"When they walk in to that school, they have this universal transcript from the ArmyU that shows legitimate accredited credits, and they can take those and apply them towards a degree program of their choosing," Harlan said. "It'll save them money ideally if that Soldier, now a civilian, doesn't have to pay a second time for training they already possess. The other thing is it may get them a degree faster because they don't have to take as many classes, because they have already gotten that training and experience and the civilian university will acknowledge it."
Harlan also described what he called a "degree engine," which would be part of ArmyU. The degree engine would use the universal transcript and compare it to the requirement for getting a particular degree at a particular university, and could help Soldiers determine what other courses they would need to take to achieve that degree, and even possibly the cost of attaining that degree.
"It's a tool to help that Soldier understand how close they are to getting a degree they want from an institution they want," Harlan said.
CREDENTIALS FOR A CAREER
Another goal of ArmyU is to find ways for Soldiers to earn private-sector equivalent credentialing for the work they do in the Army, so they don't need to be re-credentialed when they go look for private-sector work.
Soldiers, who may serve in the Army now as drivers, electricians, metal workers, plumbers, or even medical workers, will first need to be credentialed first before they can move their skills to a paying job in the private sector. The goal of ArmyU is to provide credentialing for every military occupational specialty, or MOS.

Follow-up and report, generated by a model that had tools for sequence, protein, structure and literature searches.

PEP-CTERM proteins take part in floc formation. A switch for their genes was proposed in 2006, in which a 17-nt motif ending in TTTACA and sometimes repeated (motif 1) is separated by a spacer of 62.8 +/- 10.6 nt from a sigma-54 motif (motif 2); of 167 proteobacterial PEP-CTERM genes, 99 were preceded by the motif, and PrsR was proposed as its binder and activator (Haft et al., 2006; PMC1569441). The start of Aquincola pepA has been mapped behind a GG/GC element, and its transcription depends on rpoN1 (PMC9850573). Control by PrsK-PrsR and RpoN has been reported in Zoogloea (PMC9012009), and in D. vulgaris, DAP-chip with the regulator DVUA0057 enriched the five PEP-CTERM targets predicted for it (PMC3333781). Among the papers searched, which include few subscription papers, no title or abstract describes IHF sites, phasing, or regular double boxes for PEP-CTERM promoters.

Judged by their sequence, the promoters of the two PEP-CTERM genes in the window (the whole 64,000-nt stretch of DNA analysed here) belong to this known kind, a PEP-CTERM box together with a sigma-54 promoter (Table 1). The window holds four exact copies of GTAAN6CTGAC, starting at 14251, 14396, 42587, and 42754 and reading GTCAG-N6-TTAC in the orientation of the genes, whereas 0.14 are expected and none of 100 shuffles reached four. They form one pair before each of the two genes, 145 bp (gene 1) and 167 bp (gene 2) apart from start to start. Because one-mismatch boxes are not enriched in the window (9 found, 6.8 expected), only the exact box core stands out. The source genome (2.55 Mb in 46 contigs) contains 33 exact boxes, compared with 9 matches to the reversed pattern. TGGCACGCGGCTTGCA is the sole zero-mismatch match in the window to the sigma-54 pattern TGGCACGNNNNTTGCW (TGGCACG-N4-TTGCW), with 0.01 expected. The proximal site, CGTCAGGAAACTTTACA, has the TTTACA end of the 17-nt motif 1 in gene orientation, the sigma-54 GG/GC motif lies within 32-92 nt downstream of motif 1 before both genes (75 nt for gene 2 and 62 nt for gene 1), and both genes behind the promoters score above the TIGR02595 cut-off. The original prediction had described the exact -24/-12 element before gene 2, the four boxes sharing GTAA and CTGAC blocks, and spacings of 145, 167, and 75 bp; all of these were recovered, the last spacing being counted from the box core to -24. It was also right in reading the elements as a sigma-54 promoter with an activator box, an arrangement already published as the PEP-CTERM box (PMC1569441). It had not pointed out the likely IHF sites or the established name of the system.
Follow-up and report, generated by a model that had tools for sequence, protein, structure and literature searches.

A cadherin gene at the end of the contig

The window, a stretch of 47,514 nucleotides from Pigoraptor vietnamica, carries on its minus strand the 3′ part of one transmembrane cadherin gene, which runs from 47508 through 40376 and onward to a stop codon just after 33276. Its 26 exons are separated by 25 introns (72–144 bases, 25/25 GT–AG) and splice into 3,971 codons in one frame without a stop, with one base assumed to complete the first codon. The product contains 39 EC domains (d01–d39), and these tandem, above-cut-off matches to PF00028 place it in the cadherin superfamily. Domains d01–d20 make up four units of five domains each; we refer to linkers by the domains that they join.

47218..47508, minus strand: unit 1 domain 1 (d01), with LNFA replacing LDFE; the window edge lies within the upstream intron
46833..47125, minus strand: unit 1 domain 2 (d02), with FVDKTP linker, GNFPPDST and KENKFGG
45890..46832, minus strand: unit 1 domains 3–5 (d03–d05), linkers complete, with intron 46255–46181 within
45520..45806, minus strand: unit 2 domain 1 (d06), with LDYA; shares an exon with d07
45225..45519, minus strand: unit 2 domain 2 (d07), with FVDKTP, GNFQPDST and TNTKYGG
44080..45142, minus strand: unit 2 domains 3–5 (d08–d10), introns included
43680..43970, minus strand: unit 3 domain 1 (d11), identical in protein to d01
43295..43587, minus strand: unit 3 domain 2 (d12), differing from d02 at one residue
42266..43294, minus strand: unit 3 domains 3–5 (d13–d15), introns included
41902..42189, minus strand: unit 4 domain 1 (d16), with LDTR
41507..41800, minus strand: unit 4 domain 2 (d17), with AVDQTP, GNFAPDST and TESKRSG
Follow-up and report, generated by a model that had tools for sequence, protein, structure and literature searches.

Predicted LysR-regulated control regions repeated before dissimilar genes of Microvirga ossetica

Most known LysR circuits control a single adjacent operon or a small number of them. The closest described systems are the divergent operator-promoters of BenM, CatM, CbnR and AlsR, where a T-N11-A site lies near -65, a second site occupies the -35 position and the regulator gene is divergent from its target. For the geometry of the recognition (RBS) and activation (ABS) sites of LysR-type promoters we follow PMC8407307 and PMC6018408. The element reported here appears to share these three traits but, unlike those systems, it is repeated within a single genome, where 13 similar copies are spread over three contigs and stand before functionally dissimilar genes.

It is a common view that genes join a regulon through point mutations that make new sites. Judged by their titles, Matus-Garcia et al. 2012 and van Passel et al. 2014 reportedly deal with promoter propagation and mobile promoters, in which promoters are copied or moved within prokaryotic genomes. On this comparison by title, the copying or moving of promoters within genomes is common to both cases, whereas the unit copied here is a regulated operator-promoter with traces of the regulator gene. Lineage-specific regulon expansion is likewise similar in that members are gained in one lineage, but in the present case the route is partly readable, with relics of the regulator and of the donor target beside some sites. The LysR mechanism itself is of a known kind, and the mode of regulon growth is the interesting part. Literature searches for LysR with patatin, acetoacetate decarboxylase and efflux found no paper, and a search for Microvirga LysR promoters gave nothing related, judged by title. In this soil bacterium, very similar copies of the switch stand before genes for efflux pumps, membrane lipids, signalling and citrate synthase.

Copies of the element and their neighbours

Helping those Soldiers get credentialed in their skill set is important to both the Soldier and the Army because it proves "an individual is an expert in their particular area," Harlan said.
Dailey said the Army has already been partnering with industry at places like Fort Polk, Louisiana, Fort Hood, Texas and Joint Base Lewis-McChord, Washington, to help transitioning Soldiers get the right training and credentialing to move into work in the private sector.
As an example, he said, "they bring in their equipment and materials and they are certifying them on a technical trades, including HVAC, pipefitting and welding."
Dailey said that credentialing transitioning Soldiers to work in the private sector on the same jobs they held in the Army is difficult, because credentialing requirements vary from state to state. Sometimes, he said, requirements vary within regions within the same state.
He said the Army is working with state governments to help make things easier for Soldiers. ArmyU will be a part of that.
In a tri-signed letter by Army Secretary John M. McHugh, Army Chief of Staff Gen. Ray Odierno, and Dailey, Army leadership said the creation of ArmyU is the next "logical step" in the continued professionalization of the Army.
"Understanding the historical importance of this effort, we are committed to transforming one of the largest academic systems in the United States into a premier university system that harnesses the tremendous energy, experience, and intellectual capacity in our Army to produce the professionals that the nation will need for a complex and uncertain world tomorrow," Army leaders said.